I’m currently obsessed with anything involving the Royal family since watching The Crown on Netflix. ‘Before the Crown’ was an in depth lead up to the Queen and Prince Philip’s marriage, focusing on the key players- The King, the young princess and the young prince, and the intricacies involved in being a member of the family and doing the right thing. What looked initially to be a marriage of convenience, ended up a love story between a prince and princess. Beautifully narrated by Edward Killingback, Imogen Wilde, I really enjoyed this.
‘A challenged world is an alert world and from challenge comes change.
So let’s all choose to challenge’.
I grew up within a very traditional family background, however there was never any question that my dad was somehow more worthy than my mum because he was the man, the breadwinner. They had an equal relationship, her view always counted. This has followed be throughout my fifty- five years. I have grown up, live and work around strong women and I have brought my daughter up the same. I feel privileged to be in this situation, but it hasn’t made me complacent. Women must keep challenging to change for all women, to keep moving towards a gender equal society.
Is anyone watching this? It is a French mystery thriller streaming television series created by George Kay and François Uzan that premiered on Netflix on 8 January 2021. The series consists of 10 episodes, with the first five episodes released in January 2021 and the remainder scheduled to be released mid-2021.
Inspired by the adventures of Arsène Lupin, gentleman thief Assane Diop sets out to avenge his father for an injustice inflicted by a wealthy family. Creator: George Kay Stars: Omar Sy, Vincent Londez, Ludivine Sagnier
Big Brother is watching you!- 1984 x Stepford Wives. All feeling a bit closer to reality than is comfortable! Who is your friend and who is your enemy? Never the way round you think it is. Clever and engaging, this was good.
I was embroiled in the going’s on in the Scottish Highlands this weekend. My first Hamish MacBeth, the Highlands detective keeping the locals in order. I love a bit of cosy crime and loved these even more than M.C. Beaton’s Agatha Raisin. Looking forward to reading more.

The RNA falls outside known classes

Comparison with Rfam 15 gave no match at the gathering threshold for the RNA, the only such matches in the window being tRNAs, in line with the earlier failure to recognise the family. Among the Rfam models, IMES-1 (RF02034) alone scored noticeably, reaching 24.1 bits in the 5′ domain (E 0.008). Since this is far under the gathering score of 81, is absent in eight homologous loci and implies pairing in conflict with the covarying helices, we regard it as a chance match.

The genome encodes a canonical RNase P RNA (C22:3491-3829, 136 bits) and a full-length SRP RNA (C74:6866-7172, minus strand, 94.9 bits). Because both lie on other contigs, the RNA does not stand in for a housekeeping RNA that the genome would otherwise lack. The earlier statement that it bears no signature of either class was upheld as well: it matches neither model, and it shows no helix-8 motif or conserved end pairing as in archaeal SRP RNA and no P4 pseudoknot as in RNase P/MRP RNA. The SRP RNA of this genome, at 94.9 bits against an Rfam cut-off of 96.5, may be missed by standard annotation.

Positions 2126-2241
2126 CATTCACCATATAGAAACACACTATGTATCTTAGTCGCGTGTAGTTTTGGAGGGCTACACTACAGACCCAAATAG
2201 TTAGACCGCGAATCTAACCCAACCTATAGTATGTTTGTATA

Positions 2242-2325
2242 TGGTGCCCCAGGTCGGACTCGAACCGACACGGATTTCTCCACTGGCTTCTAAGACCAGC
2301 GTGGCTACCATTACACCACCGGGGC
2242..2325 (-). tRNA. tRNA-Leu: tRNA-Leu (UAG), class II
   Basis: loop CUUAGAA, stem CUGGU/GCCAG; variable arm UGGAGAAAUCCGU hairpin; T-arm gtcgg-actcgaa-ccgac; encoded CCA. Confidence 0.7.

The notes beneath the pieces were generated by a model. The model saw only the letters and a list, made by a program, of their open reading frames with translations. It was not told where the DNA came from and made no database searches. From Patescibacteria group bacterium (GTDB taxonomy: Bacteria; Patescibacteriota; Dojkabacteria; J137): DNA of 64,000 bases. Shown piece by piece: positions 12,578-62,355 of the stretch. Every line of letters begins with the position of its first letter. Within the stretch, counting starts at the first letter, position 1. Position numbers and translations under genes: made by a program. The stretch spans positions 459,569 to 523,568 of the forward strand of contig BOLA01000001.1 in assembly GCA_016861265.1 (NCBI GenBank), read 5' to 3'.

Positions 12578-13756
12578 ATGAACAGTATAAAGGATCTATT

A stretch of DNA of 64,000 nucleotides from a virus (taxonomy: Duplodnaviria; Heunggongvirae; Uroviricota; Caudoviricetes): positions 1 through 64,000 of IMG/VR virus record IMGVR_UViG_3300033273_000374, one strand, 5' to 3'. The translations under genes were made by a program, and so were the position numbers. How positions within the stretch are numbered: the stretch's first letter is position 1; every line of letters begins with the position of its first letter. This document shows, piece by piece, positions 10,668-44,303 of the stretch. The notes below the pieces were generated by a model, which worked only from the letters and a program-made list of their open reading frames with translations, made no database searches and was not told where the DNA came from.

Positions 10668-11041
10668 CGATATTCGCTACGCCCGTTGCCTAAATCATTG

A coming of age novel set in the 1940s this glittering epic had me hooked from page one. Nice American girl Vivian is sent to stay with her aunt in New York and let loose, has an absolute ball. Her aunt has a small down at heel theatre company in downtown Manhattan, where Vivian makes costumes for the cast. When she isn’t sewing clothes Vivian is discovering the what New York life is really about with the theatre show girls. She hits NYC and she hits it hard! Vivian! I hot damn loved you babe. You enthralled me. I listened to this on audio and the narrative was enhanced by the spot on reading of actress Blair Brown.
The cruelties of families- the differences that parents make between siblings, the way siblings treat each other. ‘Our Little Cruelties’ shows with clarity how these acts of unkindness don’t disappear when childhood is left behind, but are carried through to adulthood with devastating consequences. Even more devastating is the way they spill over into the next generation and continue to ruin lives. Liz Nugent’s narrative is both fascinating and horrifying- difficult not to feel disgusted by the whole damn family. Loved it.
Daniel was a luthier- a maker of stringed instruments- imprisoned in a concentration camp. His craft saved him from certain death when the camp Kommandant wanted a violin handcrafted. The book is about unimaginable cruelty and suffering, resilience and sadness.
This was a raw, disturbing and harrowing read. I had to keep reminding myself that this was set in my lifetime, Thatcher’s eighties, not the nineteen thirties depression era. A cross between This Is England is (2006 British drama film written and directed by Shane Meadows) and ‘Animals’ by Emma Jane Unsworth. A narrative of excess and poverty; poor parenting; sexual exploitation; resilience and survival. Shuggie went without basic life essentials- love, food and warmth, due to Agnes’s narcissism fuelled by her alcoholism. Not enjoyable, but a hard-hitting eye opener.
I quite like a bit of football and I like the football grounds even more. Heard a review of this book on Talk Sport radio. Informative, accessible and with fabulous photographs I was entertained for a couple of days reading about these footie grounds and learning the social history behind them and their teams. I knew that lots of factories had teams that made the leagues, but I didn’t know that lots of the division teams originated as church teams. If you love football you will love this. It’s a book to dip in and out of throughout the season. Best of all for me, a local team was number one.
You have to read at least one Christmas novel in December. This year for me it was The Christmas Cafe by Amanda Prowse. It was great to travel from Australia to Edinburgh- hot Christmas/ cold Christmas and get embroiled in Bea’s return to the country she grew up in and met the love of her life in. I also love a cafe and there were two very different ones here. I liked it.
The last few days I have been caught up in the goings on in Leek, Queen of the Moorlands. A farmer was murdered, the wife might, or might not have met a grisly end, a daughter is quite frankly totally unlikeable! In fact few of the characters are very likeable. Farmland versus suburbia. Cleverly plotted and an easy read, a cosy-type crime that kept me amused for a while.
My rating: 2 of 5 stars I was expecting a narrative with a beginning, middle and end. It wasn’t. I nearly gave up and then I settled in and accepted it for what it was. It was a book for a voice- Lizzie Benson’s. Her life, job, family, her affair- her stream of consciousness. Like living someone’s day to day life with them.